Current projects include a study of the flight dynamics of novel compound configurations including co-axial rotor vehicles and thrust compounding.  A baseline model of a, Agusta-Westland Lynx has been modified to represent two compound configurations allowing the benefits of these vehicles to be analysed against those of a conventional counterpart.



In mathematical terms, simulation would normally be considered as the calculation of the response of a system to control inputs or disturbances.  For an aircraft or helicopter this might be the flight trajectory or manoeuvre that results from a set of pilot control inputs.  Inverse simulation, as the name implies, is the reverse of this process, in other words, given a desired output, what control inputs are required.   Again, referring to the helicopter case, what control inputs must the pilot apply to fly a defined manoeuvre.

Development of inverse techniques has been the focus of considerable research in Glasgow for many years.  The particular applications were initially to rotorcraft. This type of study provided valuable insight into the manoeuvre capabilities of the modelled vehicle. As well as general analysis of manoeuvrability, there were also specific applications in the study of the ship/air interface, platform operations and handling qualities.  A mathematical model of the vehicle is of course required, but the inverse technique can be applied to any vehicle or system.  A couple of other examples include under water vehicles and land vehicles.  The UK Space Agency has funded a study into developing guidance and navigation algorithms for a planetary rover.



Following a spate of unexplained fatal accidents involving light gyroplanes between 1989 and 1991, the UK Air Accident Investigation Branch funded a research programme at the University of Glasgow to improve the understanding of aerodynamics and flight mechanics of gyroplanes.  At the outset of the research programme in 1993, the aim was to establish the general stability characteristics of a gyroplane and then determine which aspects of its design were most influential on its dynamic characteristics. The primary output of the research with the CAA was an engineering mathematical model of the aircraft so that design features, changes and hypothetical situations could be examined in safety. The mathematical model, RASCAL, is a high-order, high-fidelity simulation previously developed at the University of Glasgow to investigate helicopter-related problems.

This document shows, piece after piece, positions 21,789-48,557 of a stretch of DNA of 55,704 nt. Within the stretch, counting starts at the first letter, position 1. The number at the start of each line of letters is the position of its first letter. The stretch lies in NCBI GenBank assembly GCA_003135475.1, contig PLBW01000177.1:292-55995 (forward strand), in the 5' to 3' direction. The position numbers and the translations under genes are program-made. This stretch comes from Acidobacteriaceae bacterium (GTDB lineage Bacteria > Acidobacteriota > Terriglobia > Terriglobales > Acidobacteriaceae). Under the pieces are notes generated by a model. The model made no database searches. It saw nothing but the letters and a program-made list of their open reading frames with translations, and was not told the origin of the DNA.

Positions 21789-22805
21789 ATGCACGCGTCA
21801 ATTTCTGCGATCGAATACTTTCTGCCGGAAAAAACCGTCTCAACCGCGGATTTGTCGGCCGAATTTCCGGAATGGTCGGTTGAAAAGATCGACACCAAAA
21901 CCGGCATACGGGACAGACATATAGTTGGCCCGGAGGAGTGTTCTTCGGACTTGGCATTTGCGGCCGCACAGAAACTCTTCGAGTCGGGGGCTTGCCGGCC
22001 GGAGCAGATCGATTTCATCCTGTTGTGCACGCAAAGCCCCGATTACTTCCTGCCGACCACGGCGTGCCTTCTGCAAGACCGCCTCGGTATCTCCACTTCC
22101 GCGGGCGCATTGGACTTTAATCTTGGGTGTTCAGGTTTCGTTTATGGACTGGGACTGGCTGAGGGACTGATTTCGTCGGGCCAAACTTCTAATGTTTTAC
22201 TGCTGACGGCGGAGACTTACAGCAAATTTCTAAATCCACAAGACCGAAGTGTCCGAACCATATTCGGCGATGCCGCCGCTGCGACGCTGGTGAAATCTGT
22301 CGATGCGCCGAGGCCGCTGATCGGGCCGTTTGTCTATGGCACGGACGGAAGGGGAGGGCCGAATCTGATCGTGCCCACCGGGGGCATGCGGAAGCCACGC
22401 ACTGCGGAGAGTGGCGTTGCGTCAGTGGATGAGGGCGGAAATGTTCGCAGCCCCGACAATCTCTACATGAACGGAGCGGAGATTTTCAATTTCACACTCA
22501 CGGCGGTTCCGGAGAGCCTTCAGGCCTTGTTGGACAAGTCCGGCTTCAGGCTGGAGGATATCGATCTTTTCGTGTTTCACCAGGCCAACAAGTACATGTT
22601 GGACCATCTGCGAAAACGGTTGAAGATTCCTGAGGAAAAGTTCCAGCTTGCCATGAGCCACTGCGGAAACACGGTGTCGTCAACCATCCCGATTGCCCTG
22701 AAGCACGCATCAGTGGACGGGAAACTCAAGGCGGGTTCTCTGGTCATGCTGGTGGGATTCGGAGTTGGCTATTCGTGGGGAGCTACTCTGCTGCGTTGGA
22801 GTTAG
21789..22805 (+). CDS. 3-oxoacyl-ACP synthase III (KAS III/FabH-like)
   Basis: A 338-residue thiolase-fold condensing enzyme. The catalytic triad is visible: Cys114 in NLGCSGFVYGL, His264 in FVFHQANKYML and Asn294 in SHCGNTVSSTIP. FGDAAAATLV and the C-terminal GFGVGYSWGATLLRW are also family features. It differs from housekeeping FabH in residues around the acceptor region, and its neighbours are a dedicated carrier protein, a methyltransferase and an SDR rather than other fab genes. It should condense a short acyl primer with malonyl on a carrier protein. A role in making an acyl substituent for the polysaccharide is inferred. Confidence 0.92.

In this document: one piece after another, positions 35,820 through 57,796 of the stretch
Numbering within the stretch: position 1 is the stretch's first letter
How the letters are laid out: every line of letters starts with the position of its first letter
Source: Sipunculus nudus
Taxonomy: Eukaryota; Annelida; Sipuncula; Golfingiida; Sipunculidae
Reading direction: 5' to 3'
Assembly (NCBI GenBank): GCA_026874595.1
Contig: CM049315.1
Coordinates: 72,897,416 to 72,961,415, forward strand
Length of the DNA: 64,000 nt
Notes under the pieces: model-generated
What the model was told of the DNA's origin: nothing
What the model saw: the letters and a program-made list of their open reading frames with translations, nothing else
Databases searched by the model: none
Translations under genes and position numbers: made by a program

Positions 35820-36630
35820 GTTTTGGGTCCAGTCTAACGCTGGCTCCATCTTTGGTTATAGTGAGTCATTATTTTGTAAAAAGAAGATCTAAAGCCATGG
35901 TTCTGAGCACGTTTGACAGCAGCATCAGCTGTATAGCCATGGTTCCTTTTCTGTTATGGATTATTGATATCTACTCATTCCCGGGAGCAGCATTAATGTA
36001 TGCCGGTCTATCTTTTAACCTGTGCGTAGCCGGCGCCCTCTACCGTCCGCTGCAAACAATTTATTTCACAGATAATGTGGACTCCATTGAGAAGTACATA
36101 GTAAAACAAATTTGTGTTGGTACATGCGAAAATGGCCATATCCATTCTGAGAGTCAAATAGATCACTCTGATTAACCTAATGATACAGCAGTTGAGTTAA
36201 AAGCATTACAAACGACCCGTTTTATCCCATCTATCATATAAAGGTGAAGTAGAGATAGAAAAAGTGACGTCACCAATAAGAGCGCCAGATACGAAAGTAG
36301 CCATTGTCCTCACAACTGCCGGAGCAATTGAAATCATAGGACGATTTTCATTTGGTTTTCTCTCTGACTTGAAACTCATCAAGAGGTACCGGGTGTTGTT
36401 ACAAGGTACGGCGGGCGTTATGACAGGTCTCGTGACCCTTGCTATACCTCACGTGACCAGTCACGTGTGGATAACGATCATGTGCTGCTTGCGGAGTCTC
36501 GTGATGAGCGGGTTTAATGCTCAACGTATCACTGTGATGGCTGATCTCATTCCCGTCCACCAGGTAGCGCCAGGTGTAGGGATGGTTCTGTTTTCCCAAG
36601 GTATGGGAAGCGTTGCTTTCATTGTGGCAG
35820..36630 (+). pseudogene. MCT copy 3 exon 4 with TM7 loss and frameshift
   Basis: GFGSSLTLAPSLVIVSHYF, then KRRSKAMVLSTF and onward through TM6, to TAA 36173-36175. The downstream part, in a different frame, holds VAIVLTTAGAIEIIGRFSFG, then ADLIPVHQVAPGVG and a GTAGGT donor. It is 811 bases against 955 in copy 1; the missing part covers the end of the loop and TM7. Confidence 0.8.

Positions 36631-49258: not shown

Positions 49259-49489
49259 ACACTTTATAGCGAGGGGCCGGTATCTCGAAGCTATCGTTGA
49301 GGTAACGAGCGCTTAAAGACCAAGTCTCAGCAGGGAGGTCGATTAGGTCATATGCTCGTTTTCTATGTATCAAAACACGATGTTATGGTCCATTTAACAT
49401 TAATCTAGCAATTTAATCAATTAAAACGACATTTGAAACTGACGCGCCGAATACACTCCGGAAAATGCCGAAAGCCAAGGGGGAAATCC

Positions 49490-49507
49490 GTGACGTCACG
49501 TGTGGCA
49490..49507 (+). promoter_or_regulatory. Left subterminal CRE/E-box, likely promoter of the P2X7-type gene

Ongoing research checked the fidelity of the model against flight test data gathered during a number of campaigns with two fully-instrumented light gyroplanes.  The research demonstrated that the vertical location of the centre of mass in relation to the assumed propeller thrust line is the key parameter leading to aircraft instability. This was a particularly important finding since the incorporation of more powerful engines and larger propellers into gyroplane design had resulted in the propeller being raised to ensure clearance with the craft’s keel, thereby raising the centre of mass.  The key output was the 2008 report to the CAA (http://www.caa.co.uk/application.aspx?catid=33&pagetype=65&appid=11&mode=detail&id=4184) recommending gyroplane design changes including lowering the keel. The report’s findings were integrated into CAA’s current British Civil Airworthiness Requirements (BCAR) Section T: Light Gyroplanes, legislation which governs the safety of gyroplanes.

As well as directed research for CAA, researchers in Glasgow have used the aircraft, and the data it produced, in studies of autogyro handling qualities, rotor aeroelastic modelling, validation of rotor inflow models, and currently, autogyro control studies.


Interdisciplinary Topics & Collaborations

The staff of Flight Sciences are active in several interdisciplinary, national and international projects with some examples listed below.


UK National Wind Tunnel Facility - NWTF



GARTEUR - Group for Aeronautical Research and Technology in Europe

UK Veritcal Lift Network

UK VFS Chapter



Facilities of Flight Sciences

The research facilities managed by Flight Sciences include parallel computer clusters, flight simulators and wind tunnels. These are used by the academic and research staff, post-graduate students, and under-graduates for their project work.

Details about our facilities can be found following the links on this page.